ALAPARC Conference 2017

This past weekend, my advisor – Dan Warner – and I attended the 2017 Alabama Partners in Amphibian and Reptile Conservation meeting at The Solon Dixon Forestry Education Center. While our lab’s research interest is not focused on conservation of reptiles and amphibians in the state of Alabama, we were there to share our work on evolution and ecology of invasive anoles in Florida. I presented a poster about how anole embryos are robust to urban incubation environments and Dan gave a talk about our labs work to investigate how natural selection varies across space and time.

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We learned a lot other important conservation projects that institutions in Alabama (and 1 from Mississippi) are actively involved such as the Indigo snake reintroduction program, the status of Flattened musk turtle (only endemic turtle in the state), and much more.

After the presentations in the morning we all went on a herping excursion in Conecuh National Forest. Led by the likes of Jimmy Stiles, Jim Godwin (AL Natural Heritage Program), and Craig Guyer (Emeritus Professor of Auburn University) and with a little luck we spotted 16 species of amphibians and reptiles in one afternoon. The highlight of the day included a Gopher tortoise, a Diamond-back rattle snake, few water dog juveniles, and an eastern glass lizard. _MG_5281.jpg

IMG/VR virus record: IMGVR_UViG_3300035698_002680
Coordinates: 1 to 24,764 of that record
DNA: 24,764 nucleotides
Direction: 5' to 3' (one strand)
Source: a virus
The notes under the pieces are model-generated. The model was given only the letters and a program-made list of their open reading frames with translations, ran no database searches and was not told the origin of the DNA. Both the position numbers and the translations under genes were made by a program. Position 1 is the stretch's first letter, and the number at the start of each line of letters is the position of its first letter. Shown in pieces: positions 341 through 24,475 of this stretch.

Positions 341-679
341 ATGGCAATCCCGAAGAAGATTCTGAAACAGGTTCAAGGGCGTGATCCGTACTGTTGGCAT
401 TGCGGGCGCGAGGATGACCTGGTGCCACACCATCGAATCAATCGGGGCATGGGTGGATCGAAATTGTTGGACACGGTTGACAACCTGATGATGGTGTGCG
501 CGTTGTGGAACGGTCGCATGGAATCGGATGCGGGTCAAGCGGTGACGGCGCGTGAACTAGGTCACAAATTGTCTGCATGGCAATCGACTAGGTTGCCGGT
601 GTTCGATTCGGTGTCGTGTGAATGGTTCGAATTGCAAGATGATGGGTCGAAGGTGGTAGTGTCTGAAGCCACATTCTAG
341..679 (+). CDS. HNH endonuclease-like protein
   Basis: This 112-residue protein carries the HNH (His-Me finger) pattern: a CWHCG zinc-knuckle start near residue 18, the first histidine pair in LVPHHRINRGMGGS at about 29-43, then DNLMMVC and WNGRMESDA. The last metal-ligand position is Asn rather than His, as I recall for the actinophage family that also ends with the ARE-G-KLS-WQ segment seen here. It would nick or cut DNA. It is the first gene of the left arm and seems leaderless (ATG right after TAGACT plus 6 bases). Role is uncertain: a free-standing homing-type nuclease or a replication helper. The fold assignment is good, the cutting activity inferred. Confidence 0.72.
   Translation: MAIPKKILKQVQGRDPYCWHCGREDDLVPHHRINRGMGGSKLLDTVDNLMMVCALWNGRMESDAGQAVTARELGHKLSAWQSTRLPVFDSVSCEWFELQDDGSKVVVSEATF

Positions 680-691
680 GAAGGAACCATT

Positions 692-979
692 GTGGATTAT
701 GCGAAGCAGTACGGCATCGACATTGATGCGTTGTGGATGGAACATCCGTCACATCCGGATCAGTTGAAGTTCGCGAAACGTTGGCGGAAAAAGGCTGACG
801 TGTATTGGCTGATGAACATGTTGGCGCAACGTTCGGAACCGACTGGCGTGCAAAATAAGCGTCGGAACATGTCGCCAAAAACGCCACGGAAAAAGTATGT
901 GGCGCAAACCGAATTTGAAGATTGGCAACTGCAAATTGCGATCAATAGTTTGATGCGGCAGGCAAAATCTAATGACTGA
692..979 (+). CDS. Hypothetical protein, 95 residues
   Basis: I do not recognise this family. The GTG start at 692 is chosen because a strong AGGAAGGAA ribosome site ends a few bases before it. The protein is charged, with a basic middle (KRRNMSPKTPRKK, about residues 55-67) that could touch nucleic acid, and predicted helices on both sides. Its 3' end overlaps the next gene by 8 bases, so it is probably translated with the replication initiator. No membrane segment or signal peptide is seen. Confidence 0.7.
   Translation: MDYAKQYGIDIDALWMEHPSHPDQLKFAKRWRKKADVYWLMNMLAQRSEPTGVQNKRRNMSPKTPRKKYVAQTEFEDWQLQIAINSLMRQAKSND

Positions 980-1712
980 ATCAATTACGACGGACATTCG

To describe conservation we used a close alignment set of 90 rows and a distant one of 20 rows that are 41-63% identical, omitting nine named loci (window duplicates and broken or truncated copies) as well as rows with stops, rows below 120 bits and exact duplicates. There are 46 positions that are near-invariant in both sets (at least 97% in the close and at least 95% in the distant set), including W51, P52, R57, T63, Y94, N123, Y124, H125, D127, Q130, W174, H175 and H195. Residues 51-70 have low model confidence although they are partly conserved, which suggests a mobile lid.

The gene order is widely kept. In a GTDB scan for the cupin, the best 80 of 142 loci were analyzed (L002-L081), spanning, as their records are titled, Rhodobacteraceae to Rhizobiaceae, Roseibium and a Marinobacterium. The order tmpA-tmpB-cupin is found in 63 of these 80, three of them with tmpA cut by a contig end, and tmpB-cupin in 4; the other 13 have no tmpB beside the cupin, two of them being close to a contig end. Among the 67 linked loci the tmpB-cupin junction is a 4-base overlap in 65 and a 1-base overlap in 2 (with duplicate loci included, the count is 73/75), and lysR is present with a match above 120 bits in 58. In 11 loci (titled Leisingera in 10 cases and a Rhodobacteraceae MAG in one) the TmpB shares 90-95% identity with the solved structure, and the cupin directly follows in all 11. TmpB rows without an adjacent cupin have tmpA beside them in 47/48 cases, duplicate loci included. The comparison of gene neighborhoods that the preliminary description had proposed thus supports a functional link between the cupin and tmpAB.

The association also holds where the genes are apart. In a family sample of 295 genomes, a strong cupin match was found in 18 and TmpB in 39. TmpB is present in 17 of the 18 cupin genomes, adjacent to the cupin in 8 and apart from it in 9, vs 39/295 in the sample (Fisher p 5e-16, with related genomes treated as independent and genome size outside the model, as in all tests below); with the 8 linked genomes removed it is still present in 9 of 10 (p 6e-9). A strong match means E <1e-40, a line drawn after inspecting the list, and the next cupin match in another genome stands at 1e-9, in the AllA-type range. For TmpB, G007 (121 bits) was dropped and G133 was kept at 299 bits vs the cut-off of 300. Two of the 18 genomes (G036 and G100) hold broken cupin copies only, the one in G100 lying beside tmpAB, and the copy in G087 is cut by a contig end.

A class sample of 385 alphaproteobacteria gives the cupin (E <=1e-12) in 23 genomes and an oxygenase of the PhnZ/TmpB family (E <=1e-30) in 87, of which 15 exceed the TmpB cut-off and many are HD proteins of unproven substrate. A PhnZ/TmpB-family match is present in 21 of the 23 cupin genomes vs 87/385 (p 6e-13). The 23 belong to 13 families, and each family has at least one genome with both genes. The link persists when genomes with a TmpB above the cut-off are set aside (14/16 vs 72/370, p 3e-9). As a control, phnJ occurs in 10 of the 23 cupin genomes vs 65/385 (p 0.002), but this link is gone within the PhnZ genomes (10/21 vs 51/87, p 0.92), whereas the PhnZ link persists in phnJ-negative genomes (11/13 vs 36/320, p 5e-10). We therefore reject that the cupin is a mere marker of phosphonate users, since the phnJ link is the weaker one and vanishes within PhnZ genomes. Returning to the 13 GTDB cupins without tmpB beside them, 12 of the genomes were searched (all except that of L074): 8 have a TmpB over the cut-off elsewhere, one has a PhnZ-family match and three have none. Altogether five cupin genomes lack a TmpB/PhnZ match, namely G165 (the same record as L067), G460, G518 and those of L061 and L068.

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An overall solid weekend of herping and networking with some awesome herpetologist in the region!

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Herp note 6: Conecuh National Forest

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Necturus loadingi from the creek named “dog hole”!

Recently the Auburn University Herpetology class took a field trip to the The Solon Dixon Forestry Education Center and bordering Conecuh National Forest. The primary purpose of this trip was to find as many herpetofauna as we could in the span of one day and two nights. While it was a relatively short trip we found over 24 species of herps including frogs, salamanders, turtles, snakes, and lizards (sorry no caecillians)!

My favorite part of the trip was snorkelling and using the seine nets in many of the ponds we visited. Overall, it was a great trip and I got to see many things I have never seen before.

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A male Sceloperus undulatus
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Notohptalmus viridescens
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(Left to right) Apolone ferox, Sternotherus odoratus, and Pseudemys floridana
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Pseudotriton ruber
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Hyla avivoca, found this guy stumbling along the way!

HDTH,

Putter